January 18, 2017
Los Angeles – Directors Guild of America President Paris Barclay today announced that, after 22 years as National Executive Director, Jay D. Roth has made the decision to retire from his position in the late spring of 2017.
“Jay’s entire professional career has been dedicated to representing people and helping to make their lives better – early on as a civil rights and labor lawyer, and for more than three decades, as an essential part of the DGA’s life as its greatest adviser, defender and coach,” said Barclay. “Over a year ago, Jay began a conversation with the Guild about a plan to retire from his role as National Executive Director. At the request of our National Board, he agreed to continue in his position through the negotiations of our recently announced contract – a decision for which we honor Jay, and which reflects his genuine, unwavering dedication and loyalty to the DGA and its members. With negotiations now behind us, Jay will move forward with his planned retirement from his role as National Executive Director later this spring. But we couldn’t let him go completely. To our great fortune, at that time, he will transition to a role with us as senior adviser.”
Roth has served as DGA National Executive Director since 1995. In the decade prior, he was the DGA’s long-serving outside general counsel, successfully representing the Guild in pivotal labor, copyright and international matters.
“Originally hired by legendary Guild leaders including Gene Reynolds, Gil Cates, Sheldon Leonard, Jack Shea, and John Rich – Jay fulfilled the critical mission of engaging a new generation of members and jumpstarting the Guild to build upon its strengths for the future. Membership grew, and members prospered – creatively and economically. His tenure coincided with the massive and unprecedented revolution in communications that occurred over the last quarter century. One of the greatest testaments to Jay’s leadership skills was his ability to shepherd the Guild through these historic changes in our industry while inspiring member involvement and organizing. Jay and his next-generation professional staff advanced our Guild into the research-driven, member-centric organization it is today. This achievement, the robust health and growth of the DGA, stands as one of Jay’s major legacies,” added Barclay.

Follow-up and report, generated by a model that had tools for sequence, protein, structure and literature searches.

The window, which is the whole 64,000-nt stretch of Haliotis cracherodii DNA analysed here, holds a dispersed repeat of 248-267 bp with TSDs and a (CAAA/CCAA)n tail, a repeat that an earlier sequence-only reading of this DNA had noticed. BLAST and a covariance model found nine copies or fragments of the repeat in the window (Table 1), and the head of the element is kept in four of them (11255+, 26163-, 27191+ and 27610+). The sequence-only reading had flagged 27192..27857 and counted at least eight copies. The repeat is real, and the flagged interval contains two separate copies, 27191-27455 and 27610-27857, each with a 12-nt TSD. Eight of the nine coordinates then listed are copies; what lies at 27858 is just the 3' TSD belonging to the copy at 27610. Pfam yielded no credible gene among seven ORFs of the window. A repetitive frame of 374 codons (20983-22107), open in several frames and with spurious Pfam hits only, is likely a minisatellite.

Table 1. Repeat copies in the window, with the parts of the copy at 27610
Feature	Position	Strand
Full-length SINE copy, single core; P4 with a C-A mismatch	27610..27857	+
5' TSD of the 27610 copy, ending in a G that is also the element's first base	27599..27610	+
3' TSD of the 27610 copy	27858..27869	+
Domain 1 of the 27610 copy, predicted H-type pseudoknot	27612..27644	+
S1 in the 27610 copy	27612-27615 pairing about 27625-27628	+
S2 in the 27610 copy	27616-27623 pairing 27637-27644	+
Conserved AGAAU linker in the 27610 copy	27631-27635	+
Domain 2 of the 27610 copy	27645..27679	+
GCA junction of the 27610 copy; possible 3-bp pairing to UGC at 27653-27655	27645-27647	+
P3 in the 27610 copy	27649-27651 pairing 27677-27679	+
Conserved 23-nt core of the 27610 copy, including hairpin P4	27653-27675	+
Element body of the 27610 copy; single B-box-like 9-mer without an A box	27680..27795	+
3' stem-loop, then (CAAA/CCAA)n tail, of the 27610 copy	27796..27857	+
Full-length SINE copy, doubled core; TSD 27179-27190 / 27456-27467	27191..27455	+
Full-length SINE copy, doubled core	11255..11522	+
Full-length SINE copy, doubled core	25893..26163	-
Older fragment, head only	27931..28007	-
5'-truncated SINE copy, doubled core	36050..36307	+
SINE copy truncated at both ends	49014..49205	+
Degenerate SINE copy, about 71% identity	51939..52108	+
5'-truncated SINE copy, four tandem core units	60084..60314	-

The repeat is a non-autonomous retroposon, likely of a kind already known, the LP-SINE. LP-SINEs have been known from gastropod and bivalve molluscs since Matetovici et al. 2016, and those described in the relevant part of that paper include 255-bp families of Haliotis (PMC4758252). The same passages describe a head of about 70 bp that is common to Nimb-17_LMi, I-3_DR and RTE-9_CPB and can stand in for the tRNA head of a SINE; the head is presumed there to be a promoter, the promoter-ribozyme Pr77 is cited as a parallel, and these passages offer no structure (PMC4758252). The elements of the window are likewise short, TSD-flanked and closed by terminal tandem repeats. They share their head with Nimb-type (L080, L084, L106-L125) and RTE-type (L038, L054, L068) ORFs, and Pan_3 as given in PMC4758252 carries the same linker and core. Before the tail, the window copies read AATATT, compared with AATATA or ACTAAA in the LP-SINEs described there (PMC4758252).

“Jay is one of those rare individuals who sees the forest and the trees – in 3D – recognizing how to bring every puzzle piece together in service of a greater vision,” added DGA Secretary-Treasurer and past President Michael Apted. “And his tremendous impact transcended our own walls as he bolstered the standing of directors and the reputation of our Guild. Whether protecting members’ livelihoods by corralling the industry to rally against runaway production and piracy, or coordinating intense negotiations to strengthen pension and health plans for members and their families, or expanding global jurisdiction and cultural exchanges, his three decades of leadership are well recognized by the industry at large as being a vital element in shaping the future of the motion picture business. On behalf of all of us who have benefited from his tireless work, thank you Jay.”
“The DGA has been, and continues to be, a tremendous part of my life,” said Roth. “I joined not only because it is a top-notch organization with proud traditions and solid governance, but also because its membership and staff had an established culture of rowing the boat the same way, and an understanding of who leads and makes policy – and who advises and executes. I’m proud of what we’ve all accomplished together to build the Guild and advance our mission of protecting the creative and economic rights of our members – every single new contract, compensation increase, residual, creative right and expansion of jurisdiction that has allowed our members the freedom and security to create the best motion pictures in the world. I’’d especially like to recognize the Presidents whom I’ve worked alongside, and our National Board, because none of this would be possible without great leadership and an engaged membership. I’m also proud of the next generation staff we’ve built from the ground up. With a strong foundation in place, they’re well-positioned to meet the challenges of tomorrow on behalf of our members. I look forward to the next chapter of my work with the Guild – and to the new milestones that will be achieved by the DGA and its members.”